Utilizing the next generation of digital controls to enrich our power conversion and energy management capabilities, Northrop Grumman has developed a suite of power solutions using a modular, scalable, and flexible architecture. Northrop Grumman solutions can be configured to support a system, a collection of systems, or a complete platform. For large dynamic shipboard loads, Northrop Grumman has used our building blocks to create a modular and flexible Prime Power Equipment (PPE) architecture. Our power system is designed to support the wide range of electrical input power that can be present with shipboard systems and to operate within the harsh maritime environment. Additional modules or cabinets can be added as the application dictates. While Northrop Grumman has developed power quality control techniques that have been shown to save 80% or more in required energy storage, our systems can be expanded to include additional storage as the mission CONOPS requires.

Northrop Grumman’s Integrated Power & Energy Systems (IPES)

Northrop Grumman’s Integrated Power & Energy Systems (IPES)


Northrop Grumman embedded machinery control systems take advantage of Northrop Grumman lower power, modular electronics building blocks and real-time digital control products. These software-enabled control systems provide a tremendous level of flexibility and control over the machines, incorporating advanced control concepts in coordination with the overall electrical system and network controls. The result is a highly integrated system that is better suited to address transient and dynamic conditions as well as optimize component performance. The resulting reduction in size and weight are highly desirable in an environment where space is at a premium.
Northrop Grumman’s Integrated Power & Energy Systems (IPES)

Northrop Grumman’s Integrated Power & Energy Systems (IPES)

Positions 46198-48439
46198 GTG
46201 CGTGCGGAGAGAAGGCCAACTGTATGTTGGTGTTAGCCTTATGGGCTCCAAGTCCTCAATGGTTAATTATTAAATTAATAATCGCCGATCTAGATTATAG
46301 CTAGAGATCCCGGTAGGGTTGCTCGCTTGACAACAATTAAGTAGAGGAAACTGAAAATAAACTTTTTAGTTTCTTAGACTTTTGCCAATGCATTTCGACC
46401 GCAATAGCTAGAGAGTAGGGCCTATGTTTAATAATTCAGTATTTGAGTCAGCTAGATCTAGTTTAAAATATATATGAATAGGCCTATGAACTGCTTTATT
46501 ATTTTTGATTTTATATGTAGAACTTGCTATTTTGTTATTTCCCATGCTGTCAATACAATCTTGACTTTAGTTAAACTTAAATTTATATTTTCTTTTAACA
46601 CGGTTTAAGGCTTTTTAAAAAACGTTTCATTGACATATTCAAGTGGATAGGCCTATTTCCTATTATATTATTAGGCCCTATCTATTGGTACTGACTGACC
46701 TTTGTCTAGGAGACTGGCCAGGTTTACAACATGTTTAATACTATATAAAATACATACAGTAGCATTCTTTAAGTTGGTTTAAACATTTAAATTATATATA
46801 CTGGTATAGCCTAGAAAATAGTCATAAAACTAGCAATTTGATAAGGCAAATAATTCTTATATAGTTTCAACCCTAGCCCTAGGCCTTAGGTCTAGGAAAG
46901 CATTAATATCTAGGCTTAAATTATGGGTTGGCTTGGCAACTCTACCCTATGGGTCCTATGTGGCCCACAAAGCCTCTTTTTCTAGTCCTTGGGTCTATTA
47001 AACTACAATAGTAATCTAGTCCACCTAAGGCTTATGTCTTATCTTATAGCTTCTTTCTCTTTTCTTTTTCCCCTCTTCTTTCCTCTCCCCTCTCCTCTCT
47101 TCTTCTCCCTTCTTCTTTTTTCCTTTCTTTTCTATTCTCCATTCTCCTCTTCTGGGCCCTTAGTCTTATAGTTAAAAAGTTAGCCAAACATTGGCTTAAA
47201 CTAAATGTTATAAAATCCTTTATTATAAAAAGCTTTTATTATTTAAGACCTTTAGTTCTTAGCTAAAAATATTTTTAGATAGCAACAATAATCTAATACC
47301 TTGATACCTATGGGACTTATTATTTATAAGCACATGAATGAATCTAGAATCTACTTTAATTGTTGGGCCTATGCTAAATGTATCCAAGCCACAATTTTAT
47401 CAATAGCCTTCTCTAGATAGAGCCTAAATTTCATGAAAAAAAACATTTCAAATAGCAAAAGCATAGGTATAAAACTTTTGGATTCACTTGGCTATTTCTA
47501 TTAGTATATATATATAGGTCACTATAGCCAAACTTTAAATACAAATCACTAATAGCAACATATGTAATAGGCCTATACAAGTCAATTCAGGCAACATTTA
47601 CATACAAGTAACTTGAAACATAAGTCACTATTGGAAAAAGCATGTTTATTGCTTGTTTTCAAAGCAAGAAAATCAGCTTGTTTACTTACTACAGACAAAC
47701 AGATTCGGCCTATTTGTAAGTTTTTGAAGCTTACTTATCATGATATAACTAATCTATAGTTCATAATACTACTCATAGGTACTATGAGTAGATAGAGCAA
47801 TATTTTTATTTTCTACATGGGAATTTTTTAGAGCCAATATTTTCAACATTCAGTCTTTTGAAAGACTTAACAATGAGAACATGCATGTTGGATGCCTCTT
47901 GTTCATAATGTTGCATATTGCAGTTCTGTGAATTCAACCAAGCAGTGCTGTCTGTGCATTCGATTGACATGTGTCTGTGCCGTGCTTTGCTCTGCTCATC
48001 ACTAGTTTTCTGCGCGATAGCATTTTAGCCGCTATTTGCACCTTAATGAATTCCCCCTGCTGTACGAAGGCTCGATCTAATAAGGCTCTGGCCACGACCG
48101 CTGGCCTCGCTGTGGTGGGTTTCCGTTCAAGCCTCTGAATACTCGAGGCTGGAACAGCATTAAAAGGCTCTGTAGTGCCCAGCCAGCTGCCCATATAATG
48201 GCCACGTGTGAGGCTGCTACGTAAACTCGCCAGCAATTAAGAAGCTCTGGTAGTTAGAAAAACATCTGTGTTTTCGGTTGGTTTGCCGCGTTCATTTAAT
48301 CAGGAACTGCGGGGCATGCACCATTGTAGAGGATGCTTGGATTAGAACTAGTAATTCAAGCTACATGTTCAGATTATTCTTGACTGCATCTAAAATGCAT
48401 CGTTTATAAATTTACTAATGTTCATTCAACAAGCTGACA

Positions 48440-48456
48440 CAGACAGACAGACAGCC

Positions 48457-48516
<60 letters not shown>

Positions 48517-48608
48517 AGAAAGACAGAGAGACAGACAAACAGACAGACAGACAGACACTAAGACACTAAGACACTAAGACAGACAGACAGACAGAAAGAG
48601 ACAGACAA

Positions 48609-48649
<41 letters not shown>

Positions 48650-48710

Northrop Grumman specializes in advanced power and control systems in the maritime environment and beyond. Northrop Grumman have designed modular and scalable power conversion and energy management solutions applicable at the system, enclave, and enterprise level. Northrop Grumman solutions are ideal in supporting the dynamic loads associated with advanced directed energy, radiated energy, and kinetic energy weapons and systems. We support our customer across the entire life cycle from requirements and architecture development to logistics and field support. Northrop Grumman experience across the entire electrical spectrum from generation to weapon system dynamics is key to providing an optimized solution and to effectively exploit system capabilities and provide efficiencies in the electrical system other integrators often overlook.

Northrop Grumman has been pushing the state-of-the-art with power quality controls, incorporation of energy storage, and the ability to support a variety of dynamic loads with the same power conversion equipment. We are proud to produce the most power dense, reliable, and robust military power and energy systems available, poised to support the needs of today and the fight of tomorrow.

Airbus delivers 1,000th Super Puma helicopter

Airbus delivers 1,000th Super Puma helicopter

Airbus Helicopters has delivered its 1,000th Super Puma helicopter: a twin-engine multi-role H215 assembled in Marignane, France, and handed over to the German Federal Police (Bundespolizei) to support the German Havarie Command, which manages maritime emergencies off of Germany’s coast. This delivery completes the German Federal Police’s order for four H215s, the first three of which were delivered in December 2018, and increases the German Federal Police’s Super Puma fleet to 23, including 19 AS332 L1s, making the police force one of the largest operators of Super Pumas in the world today.